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Emerg Infect Dis. 1996 Jul-Sep;2(3):200-8.

Antibody-based therapies for emerging infectious diseases.

Author information

1
Albert Einstein College of Medicine, Bronx, New York 10461, USA. casadeva@aecom.yu.edu

Abstract

In the 19th century, it was discovered that immune sera were useful in treating infectious diseases. Serum therapy was largely abandoned in the 1940s because of the toxicity associated with the administration of heterologous sera and the introduction of effective antimicrobial chemotherapy. Recent advances in the technology of monoclonal antibody production provide the means to generate human antibody reagents and reintroduce antibody therapies, while avoiding the toxicities associated with serum therapy. Because of the versatility of antibodies, antibody-based therapies could, in theory, be developed against any existing pathogen. The advantages of antibody-based therapies include versatility, low toxicity, pathogen specificity, enhancement of immune function, and favorable pharmacokinetics; the disadvantages include high cost, limited usefulness against mixed infections, and the need for early and precise microbiologic diagnosis. The potential of antibodies as antiinfective agents has not been fully tapped. Antibody-based therapies constitute a potentially useful option against newly emergent pathogens.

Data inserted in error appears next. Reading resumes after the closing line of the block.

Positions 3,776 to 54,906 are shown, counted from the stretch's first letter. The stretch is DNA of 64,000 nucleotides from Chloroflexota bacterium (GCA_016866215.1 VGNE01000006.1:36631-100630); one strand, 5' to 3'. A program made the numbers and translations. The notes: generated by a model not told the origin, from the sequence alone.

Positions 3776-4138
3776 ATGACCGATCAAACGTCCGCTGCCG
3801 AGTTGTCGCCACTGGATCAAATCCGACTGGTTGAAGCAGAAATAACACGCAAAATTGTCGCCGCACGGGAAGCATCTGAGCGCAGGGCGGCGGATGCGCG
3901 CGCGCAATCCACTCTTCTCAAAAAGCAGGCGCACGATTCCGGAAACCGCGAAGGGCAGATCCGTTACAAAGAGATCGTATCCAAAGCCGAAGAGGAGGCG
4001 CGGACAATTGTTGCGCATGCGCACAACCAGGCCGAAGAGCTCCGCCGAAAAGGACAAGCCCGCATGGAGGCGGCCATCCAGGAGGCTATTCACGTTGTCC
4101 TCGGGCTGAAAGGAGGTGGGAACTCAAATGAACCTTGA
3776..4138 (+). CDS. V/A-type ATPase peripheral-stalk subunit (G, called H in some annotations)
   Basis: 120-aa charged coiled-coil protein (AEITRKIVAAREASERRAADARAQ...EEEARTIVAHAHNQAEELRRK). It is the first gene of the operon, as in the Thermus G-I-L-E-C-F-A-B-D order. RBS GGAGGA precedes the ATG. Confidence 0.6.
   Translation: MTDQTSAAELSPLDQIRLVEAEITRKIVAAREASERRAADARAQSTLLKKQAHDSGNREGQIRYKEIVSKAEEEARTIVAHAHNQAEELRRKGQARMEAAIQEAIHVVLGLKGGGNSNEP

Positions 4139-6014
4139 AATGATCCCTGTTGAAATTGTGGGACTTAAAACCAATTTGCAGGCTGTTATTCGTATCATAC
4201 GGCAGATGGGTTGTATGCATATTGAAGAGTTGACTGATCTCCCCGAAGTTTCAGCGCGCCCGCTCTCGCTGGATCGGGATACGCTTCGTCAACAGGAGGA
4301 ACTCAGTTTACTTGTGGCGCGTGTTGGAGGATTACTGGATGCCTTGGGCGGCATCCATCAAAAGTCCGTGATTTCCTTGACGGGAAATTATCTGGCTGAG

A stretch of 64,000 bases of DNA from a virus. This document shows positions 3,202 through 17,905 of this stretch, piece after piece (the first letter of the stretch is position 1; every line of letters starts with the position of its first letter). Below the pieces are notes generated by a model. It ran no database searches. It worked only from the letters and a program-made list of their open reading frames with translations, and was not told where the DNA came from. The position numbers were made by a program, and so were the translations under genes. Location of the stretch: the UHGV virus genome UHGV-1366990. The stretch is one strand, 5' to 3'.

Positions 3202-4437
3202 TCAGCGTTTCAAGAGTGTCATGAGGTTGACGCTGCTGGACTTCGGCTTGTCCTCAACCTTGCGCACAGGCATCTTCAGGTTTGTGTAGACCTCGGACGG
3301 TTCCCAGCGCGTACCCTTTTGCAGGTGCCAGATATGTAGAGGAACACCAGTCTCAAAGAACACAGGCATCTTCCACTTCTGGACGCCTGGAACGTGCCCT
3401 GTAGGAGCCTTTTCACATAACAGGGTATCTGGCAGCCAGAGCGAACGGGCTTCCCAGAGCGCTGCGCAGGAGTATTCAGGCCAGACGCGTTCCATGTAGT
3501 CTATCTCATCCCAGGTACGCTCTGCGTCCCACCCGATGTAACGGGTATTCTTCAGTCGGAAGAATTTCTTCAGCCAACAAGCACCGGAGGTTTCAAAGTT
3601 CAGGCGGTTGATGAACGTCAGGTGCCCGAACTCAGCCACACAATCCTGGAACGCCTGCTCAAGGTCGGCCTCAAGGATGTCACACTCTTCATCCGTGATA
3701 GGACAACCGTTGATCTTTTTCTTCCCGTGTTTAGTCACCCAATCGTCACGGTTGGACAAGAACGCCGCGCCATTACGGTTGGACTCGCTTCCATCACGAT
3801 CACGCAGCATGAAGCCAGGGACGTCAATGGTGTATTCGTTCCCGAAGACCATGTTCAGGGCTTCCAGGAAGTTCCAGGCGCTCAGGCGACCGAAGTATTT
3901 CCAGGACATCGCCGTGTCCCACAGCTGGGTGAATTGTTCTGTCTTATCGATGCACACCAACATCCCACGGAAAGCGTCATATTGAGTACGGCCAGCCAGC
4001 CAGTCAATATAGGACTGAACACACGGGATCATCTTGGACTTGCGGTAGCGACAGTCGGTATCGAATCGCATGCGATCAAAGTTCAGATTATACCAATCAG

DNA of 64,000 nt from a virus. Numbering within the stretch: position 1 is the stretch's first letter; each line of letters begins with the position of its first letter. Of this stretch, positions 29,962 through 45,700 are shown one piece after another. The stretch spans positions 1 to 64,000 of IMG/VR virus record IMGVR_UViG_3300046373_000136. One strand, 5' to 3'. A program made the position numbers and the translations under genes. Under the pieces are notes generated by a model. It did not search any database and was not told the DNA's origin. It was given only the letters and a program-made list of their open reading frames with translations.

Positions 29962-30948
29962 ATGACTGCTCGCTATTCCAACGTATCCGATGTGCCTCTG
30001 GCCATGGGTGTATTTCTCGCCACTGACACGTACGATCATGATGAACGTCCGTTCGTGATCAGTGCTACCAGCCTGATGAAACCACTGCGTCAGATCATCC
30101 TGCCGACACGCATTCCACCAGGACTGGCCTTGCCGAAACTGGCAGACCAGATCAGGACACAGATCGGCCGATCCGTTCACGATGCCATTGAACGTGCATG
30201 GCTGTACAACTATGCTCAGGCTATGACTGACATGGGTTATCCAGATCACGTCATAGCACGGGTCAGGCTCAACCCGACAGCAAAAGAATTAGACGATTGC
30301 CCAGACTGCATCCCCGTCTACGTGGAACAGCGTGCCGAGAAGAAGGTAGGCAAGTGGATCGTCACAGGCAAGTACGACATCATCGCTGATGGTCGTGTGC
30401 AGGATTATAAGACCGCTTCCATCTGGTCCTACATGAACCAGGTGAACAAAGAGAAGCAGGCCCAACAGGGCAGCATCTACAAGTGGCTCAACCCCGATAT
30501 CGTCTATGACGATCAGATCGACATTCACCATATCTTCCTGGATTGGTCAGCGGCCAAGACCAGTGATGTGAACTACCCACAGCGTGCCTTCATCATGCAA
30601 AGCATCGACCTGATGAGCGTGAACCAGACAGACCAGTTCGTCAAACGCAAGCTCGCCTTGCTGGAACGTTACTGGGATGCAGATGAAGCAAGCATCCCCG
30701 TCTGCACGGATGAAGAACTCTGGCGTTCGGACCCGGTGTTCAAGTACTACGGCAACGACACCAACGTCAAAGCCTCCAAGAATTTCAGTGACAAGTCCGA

PMID:
8903230
PMCID:
PMC2626792
DOI:
10.3201/eid0203.960306
[Indexed for MEDLINE]
Free PMC Article

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